India as #1: Even Sooner than I Thought

Last year the professors at George Mason asked me for my most outrageous belief.  Initially I couldn’t think of one; I thought my views on the Fed were sufficiently outrageous.  (Of course that’s before Fed officials themselves started calling current policy “restrictive.”)  I finally ended up with a post predicting that India would have the largest economy in the world 100 years from now.  Unfortunately, events are moving so fast that this prediction no longer seems outrageous enough, and I plan to move the date much closer to the present.  But first I’d like to provide a few reasons for why I think my previous view was far too un-outrageous.

One problem was that I was merely looking at population data, not size of workforce.  Here’s some interesting info from The Economist:

India’s GDP is expected to grow by 8.5% this year, and could grow even faster. Chetan Ahya and Tanvee Gupta of Morgan Stanley, an investment bank, predict that India’s growth will start to outpace China’s within three to five years. China will rumble along at 8% rather than double digits; India will rack up successive years of 9-10%. For the next 20-25 years, India will grow faster than any other large country, they expect. Other long-range forecasters paint a similar picture.

Let’s assume that by 2050 India has 1.5 billion people and China has 1.3 billion (I think these are fairly close to the consensus.)  Then because a much larger share of India’s population will be of working age, it will have 25% more potential workers (1 billion vs. 800 million.)

Furthermore, I read somewhere else that China’s population may fall to 750 million in 100 years.  This is due to the fact that China is rapidly becoming richer, and birthrates in all other rich East Asian countries are barely more than one child per family.  I see no reason why China will be different.

Let’s assume India’s population levels off at 1.5 billion (or more likely grows a bit after 2050, and then later shrinks a bit.)  That means it will have twice China’s population in 100 years.  Furthermore, China’s demographics will look much more like an inverted pyramid, meaning that China might only have 40% of India’s working age population, not the 80% predicted for 2050.  India will probably be a developed economy by 2110, and almost all developed economies have relative similar per capita GDPs.  I can’t imagine India’s productivity still being only 40% of China’s at that time.  As The Economist indicated, India will soon be growing faster than China, and when China hits the middle income wall that Korea and Taiwan hit in the 1990s, its growth will slow sharply.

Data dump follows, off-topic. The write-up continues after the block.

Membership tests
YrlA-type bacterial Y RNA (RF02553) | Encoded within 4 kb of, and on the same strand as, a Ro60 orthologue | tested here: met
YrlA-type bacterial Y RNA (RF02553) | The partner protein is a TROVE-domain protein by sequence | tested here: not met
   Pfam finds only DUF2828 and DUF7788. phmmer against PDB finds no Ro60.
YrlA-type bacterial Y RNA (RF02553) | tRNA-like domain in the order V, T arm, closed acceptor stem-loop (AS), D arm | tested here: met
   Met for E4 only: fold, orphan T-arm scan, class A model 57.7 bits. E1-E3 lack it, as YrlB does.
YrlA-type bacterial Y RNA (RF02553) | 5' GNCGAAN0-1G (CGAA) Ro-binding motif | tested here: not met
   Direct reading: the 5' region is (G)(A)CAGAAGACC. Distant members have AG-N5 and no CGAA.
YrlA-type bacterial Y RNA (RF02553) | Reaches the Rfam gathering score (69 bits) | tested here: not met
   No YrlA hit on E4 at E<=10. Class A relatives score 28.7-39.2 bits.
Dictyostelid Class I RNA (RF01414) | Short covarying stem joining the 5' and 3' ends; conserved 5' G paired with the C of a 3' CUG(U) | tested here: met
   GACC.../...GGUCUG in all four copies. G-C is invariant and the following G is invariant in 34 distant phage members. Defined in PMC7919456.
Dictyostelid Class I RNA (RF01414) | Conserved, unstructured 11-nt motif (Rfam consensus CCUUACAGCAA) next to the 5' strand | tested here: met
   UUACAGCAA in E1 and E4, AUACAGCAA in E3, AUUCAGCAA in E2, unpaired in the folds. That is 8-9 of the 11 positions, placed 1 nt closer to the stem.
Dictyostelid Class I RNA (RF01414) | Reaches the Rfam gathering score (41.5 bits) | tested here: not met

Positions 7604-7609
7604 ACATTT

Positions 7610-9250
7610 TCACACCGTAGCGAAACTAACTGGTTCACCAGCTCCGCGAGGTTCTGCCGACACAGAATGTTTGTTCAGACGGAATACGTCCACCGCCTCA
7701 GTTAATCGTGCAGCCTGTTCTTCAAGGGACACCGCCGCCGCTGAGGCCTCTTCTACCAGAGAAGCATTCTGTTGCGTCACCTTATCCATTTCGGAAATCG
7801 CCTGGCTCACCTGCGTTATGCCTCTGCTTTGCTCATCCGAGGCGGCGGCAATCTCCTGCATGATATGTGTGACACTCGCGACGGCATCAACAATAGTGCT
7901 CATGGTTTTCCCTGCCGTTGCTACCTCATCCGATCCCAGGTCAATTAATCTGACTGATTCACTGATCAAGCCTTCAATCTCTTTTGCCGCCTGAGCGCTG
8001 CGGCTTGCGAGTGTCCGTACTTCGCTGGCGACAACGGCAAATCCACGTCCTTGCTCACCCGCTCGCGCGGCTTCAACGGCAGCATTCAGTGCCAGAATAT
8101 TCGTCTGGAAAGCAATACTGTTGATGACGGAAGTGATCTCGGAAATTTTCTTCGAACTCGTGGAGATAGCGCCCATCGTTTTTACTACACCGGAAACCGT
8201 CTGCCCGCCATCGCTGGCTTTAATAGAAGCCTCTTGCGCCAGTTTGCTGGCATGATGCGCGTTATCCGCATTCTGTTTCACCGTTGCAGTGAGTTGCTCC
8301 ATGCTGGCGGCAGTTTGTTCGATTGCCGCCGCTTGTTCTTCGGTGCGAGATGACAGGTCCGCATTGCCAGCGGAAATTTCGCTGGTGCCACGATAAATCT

I apologize for the previous prediction that it would take India 100 years to catch up to China, I was assuming much more similar workforces.  So if I am going to continue calling this prediction “outrageous, I need to at least keep a step ahead of the ultra-respectable Economist magazine.  So here’s the new prediction:

Year:  2081

Workforce ratio:  China will have 60% of India’s workforce.

Productivity ratio:  India will have 60% of China’s worker productivity.

GDP ratio:  1:1

Fortunately, I won’t be alive then to be mocked for my prediction.  Poor Lester Thurow and Robert Fogel may not avoid that ignominious fate.  Ultra-pessimistic Thurow says it will take China at least 100 years to catch up to the US in GDP (actually they are just 5 to 7 years away in PPP terms.)  And ultra-optimistic Fogel says China will have twice the EU’s per capita GDP by 2040.  Twice!?!?  Fogel’s a great economist, but I wouldn’t say that forecasting GDP is his strong suit.

About Scott Sumner 490 Articles

Affiliation: Bentley University

Scott Sumner has taught economics at Bentley University for the past 27 years.

He earned a BA in economics at Wisconsin and a PhD at University of Chicago.

Professor Sumner's current research topics include monetary policy targets and the Great Depression. His areas of interest are macroeconomics, monetary theory and policy, and history of economic thought.

Professor Sumner has published articles in the Journal of Political Economy, the Journal of Money, Credit and Banking, and the Bulletin of Economic Research.

Visit: TheMoneyIllusion

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